Photograph courtesy USDA-U.S. National Arboretum
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The Japanese white pine that survived the atomic bomb was given to the U.S. as a 200th birthday present. Here, it’s surrounded by morning glories in 2013.

Photograph courtesy USDA-U.S. National Arboretum

This Bonsai Survived Hiroshima But Its Story Was Nearly Lost

The Japanese white pine weathered four centuries of history, including the atomic bomb.

A centuries-old bonsai that survived the bombing of Hiroshima is making worldwide headlines, but its caretakers wish the attention were focused more on the tree's role in peace than in war.

The Japanese white pine, which was potted 390 years ago, belonged to a family that lived within two miles of where American forces dropped the atomic bomb 70 years ago this week. The family had cared for the tree for five generations before giving it the United States in 1975.

As the anniversary of the bombing approaches, the tree's story has gone viral.

But the bonsai “was not given because of Hiroshima,” says Kathleen Emerson-Dell, who helps care for the tree at the U.S. National Arboretum in Washington, D.C. “It was a gift of friendship, and connection—the connection of two different cultures.”

In fact, the Arboretum wasn't aware of the Hiroshima connection until 2001, when two grandchildren of bonsai master Masaru Yamaki visited the arboretum’s National Bonsai & Penjing Museum, looking for their grandfather's tree. Yamaki had given the tree to the United States in advance of the country's bicentennial.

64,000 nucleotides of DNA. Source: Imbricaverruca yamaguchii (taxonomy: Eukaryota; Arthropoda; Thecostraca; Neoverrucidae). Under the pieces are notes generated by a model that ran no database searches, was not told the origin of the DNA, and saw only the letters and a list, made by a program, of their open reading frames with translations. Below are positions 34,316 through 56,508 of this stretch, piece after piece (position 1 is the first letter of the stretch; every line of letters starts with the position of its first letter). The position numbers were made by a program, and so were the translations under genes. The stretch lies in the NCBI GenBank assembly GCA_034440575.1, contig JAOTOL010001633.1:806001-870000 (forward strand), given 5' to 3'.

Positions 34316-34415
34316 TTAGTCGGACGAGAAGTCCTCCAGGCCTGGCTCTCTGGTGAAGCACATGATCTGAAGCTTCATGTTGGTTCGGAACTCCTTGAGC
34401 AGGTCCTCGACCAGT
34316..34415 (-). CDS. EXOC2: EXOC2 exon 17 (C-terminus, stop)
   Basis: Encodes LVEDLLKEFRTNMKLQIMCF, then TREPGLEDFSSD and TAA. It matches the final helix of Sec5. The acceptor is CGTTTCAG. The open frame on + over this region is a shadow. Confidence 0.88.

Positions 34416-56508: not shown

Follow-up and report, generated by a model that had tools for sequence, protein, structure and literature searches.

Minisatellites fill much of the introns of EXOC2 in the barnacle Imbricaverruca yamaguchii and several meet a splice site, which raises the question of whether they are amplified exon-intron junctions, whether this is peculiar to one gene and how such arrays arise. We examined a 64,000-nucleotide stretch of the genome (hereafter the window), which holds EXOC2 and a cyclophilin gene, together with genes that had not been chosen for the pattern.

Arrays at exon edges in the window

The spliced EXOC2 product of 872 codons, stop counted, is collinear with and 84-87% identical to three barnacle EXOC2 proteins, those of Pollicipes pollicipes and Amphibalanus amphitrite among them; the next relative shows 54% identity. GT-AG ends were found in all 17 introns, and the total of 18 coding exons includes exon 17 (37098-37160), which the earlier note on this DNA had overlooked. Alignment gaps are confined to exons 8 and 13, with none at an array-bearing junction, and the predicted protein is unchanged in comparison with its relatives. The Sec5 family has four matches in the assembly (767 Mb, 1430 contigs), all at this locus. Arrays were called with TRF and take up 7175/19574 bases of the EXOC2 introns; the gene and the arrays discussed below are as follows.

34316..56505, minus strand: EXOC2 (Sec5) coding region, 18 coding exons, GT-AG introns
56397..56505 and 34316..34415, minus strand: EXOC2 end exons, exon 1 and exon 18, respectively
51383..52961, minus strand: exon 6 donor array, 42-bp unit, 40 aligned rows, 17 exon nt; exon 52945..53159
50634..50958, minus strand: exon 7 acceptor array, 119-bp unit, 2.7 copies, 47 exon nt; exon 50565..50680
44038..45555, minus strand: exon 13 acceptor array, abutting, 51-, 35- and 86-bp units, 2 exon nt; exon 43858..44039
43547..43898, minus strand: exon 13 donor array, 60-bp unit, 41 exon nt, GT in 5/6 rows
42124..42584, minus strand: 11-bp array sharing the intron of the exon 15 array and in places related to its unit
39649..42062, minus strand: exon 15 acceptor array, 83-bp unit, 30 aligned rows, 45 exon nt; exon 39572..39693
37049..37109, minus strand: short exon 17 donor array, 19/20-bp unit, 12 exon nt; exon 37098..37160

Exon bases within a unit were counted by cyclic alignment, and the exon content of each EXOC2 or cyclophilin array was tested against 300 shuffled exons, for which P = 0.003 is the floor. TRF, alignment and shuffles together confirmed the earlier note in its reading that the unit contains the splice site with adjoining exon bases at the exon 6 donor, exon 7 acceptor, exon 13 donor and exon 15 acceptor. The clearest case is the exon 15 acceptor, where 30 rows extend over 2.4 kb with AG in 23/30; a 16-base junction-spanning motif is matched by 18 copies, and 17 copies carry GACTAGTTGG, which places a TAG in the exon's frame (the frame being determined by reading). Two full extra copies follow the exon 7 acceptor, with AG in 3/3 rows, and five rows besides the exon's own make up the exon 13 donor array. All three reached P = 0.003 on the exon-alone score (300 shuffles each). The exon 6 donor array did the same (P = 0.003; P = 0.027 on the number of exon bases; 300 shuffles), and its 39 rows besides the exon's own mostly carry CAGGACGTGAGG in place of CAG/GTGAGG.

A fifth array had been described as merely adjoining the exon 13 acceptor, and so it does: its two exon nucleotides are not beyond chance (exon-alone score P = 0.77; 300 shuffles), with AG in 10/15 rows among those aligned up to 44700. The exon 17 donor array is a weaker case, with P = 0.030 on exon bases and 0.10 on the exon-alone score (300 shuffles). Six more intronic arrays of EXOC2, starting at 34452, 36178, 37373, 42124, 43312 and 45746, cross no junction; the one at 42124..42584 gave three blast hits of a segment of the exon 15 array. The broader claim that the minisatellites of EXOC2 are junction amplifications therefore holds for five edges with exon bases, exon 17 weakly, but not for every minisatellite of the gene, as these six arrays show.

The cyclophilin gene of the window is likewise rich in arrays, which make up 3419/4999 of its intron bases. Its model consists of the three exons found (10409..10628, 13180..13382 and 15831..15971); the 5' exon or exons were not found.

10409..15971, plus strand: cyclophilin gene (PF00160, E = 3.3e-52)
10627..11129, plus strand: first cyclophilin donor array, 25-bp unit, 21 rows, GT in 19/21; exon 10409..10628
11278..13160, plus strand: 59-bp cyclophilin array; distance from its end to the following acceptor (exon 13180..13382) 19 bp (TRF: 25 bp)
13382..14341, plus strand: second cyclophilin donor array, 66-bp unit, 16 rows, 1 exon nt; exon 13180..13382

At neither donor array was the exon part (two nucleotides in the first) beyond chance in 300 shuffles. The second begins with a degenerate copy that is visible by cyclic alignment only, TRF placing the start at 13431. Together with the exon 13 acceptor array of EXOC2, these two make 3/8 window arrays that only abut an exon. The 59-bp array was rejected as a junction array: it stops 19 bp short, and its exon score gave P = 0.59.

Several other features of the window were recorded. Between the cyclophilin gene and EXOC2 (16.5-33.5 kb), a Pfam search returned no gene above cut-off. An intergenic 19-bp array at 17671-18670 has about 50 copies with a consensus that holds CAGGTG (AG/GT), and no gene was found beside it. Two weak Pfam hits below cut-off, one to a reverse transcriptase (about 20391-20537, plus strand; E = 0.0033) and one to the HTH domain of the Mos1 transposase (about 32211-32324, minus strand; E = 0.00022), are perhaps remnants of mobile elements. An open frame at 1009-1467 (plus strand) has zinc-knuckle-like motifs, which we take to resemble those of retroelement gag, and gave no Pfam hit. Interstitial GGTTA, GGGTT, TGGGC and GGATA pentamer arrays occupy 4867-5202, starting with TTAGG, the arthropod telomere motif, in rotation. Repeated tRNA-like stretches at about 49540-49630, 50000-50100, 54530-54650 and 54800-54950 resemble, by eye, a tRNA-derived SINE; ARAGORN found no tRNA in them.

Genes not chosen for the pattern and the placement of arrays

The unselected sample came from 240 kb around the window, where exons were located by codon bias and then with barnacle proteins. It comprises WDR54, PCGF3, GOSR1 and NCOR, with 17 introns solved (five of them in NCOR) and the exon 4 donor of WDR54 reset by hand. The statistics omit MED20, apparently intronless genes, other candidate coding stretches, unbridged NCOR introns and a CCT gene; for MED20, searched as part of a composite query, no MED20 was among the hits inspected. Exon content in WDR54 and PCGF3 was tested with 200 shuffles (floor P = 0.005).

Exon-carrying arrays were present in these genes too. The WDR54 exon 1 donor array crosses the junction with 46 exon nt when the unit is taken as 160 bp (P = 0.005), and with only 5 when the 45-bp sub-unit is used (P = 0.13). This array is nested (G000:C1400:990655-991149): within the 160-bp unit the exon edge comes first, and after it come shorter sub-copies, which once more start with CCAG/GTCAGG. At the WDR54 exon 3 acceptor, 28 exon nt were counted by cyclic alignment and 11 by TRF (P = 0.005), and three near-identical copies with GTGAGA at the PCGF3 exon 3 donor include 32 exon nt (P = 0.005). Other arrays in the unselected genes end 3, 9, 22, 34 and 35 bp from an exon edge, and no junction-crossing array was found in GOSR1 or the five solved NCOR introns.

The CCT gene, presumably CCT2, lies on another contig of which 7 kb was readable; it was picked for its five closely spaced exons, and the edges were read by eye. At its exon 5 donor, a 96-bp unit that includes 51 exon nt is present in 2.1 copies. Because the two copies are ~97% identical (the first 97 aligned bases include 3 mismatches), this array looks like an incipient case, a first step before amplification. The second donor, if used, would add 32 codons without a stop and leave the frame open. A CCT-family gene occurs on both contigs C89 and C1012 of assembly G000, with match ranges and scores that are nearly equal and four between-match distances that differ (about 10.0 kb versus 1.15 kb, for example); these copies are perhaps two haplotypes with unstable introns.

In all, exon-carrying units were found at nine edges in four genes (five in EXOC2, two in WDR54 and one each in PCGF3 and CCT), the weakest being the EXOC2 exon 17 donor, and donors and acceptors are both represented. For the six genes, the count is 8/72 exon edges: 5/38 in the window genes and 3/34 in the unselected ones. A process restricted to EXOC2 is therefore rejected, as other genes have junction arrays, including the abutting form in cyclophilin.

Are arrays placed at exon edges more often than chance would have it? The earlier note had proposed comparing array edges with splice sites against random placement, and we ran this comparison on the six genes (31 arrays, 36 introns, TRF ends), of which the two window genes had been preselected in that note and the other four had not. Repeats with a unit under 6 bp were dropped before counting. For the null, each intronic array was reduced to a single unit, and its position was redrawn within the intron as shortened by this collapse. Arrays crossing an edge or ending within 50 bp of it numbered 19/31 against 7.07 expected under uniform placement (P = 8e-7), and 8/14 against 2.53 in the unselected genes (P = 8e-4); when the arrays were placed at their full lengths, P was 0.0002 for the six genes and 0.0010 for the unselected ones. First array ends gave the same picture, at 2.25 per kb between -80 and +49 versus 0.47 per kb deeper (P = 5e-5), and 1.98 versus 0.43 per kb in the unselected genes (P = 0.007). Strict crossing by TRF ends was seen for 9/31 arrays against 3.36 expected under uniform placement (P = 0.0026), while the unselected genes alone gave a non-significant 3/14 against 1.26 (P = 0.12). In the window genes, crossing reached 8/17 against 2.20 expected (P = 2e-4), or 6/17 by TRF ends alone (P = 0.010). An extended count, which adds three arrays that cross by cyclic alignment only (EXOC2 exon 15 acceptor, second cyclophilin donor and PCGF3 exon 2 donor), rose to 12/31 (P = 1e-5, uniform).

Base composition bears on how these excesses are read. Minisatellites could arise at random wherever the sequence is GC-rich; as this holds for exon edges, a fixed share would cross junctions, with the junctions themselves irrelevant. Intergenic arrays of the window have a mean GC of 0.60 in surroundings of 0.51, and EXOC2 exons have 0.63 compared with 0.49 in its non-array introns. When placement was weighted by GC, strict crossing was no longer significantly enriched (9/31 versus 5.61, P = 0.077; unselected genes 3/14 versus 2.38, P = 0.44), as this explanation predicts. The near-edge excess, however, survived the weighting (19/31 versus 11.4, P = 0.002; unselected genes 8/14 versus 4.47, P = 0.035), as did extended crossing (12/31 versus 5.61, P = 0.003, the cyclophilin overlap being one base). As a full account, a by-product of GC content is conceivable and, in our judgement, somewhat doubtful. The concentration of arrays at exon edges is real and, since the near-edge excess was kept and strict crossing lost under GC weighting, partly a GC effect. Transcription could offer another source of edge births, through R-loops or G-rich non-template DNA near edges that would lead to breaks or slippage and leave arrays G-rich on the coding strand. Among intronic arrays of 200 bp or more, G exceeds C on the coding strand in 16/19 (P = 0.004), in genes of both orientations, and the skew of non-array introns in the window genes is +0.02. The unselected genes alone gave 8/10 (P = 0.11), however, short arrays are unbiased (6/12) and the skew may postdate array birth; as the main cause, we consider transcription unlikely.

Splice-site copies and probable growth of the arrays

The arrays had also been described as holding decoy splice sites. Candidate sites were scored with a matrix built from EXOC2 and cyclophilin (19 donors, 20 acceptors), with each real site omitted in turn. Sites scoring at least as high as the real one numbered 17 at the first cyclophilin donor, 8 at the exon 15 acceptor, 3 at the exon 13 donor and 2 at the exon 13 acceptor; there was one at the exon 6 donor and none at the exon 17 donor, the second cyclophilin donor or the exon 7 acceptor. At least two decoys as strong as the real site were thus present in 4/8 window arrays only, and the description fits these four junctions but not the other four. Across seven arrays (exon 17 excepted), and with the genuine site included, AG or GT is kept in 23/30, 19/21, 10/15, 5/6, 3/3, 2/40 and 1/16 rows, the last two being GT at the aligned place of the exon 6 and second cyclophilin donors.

Since then, the arboretum hasn't kept the tree's survival of World War II a secret, but "we just don’t shout it from the rooftops,” Emerson-Dell says.

The bombing of Hiroshima was one of two atomic bomb attacks that led to the end of World War II, killing around 140,000 people and destroying the city. Yamaki’s perfectly crafted trees, including the white pine, were protected in a walled nursery.

Today, the white pine stands only a few feet tall, with a thick trunk and stubby green and yellowed needles. Wires keep the branches from reaching up toward the sun. “Wrinkles, and crud, and crookedness, all this stuff—it’s what gives it character,” says Emerson-Dell. “It's like Katharine Hepburn—it’s like, the beauty in age.”

Now, Dell hopes that people see the tree as a celebration of survival. “There’s some connection with a living being that has survived on this earth through who knows what,” she says. “I’m in its presence, and it was in the presence of other people from long ago.”

Reaching out to touch the pot, she says, “It’s like touching history.”

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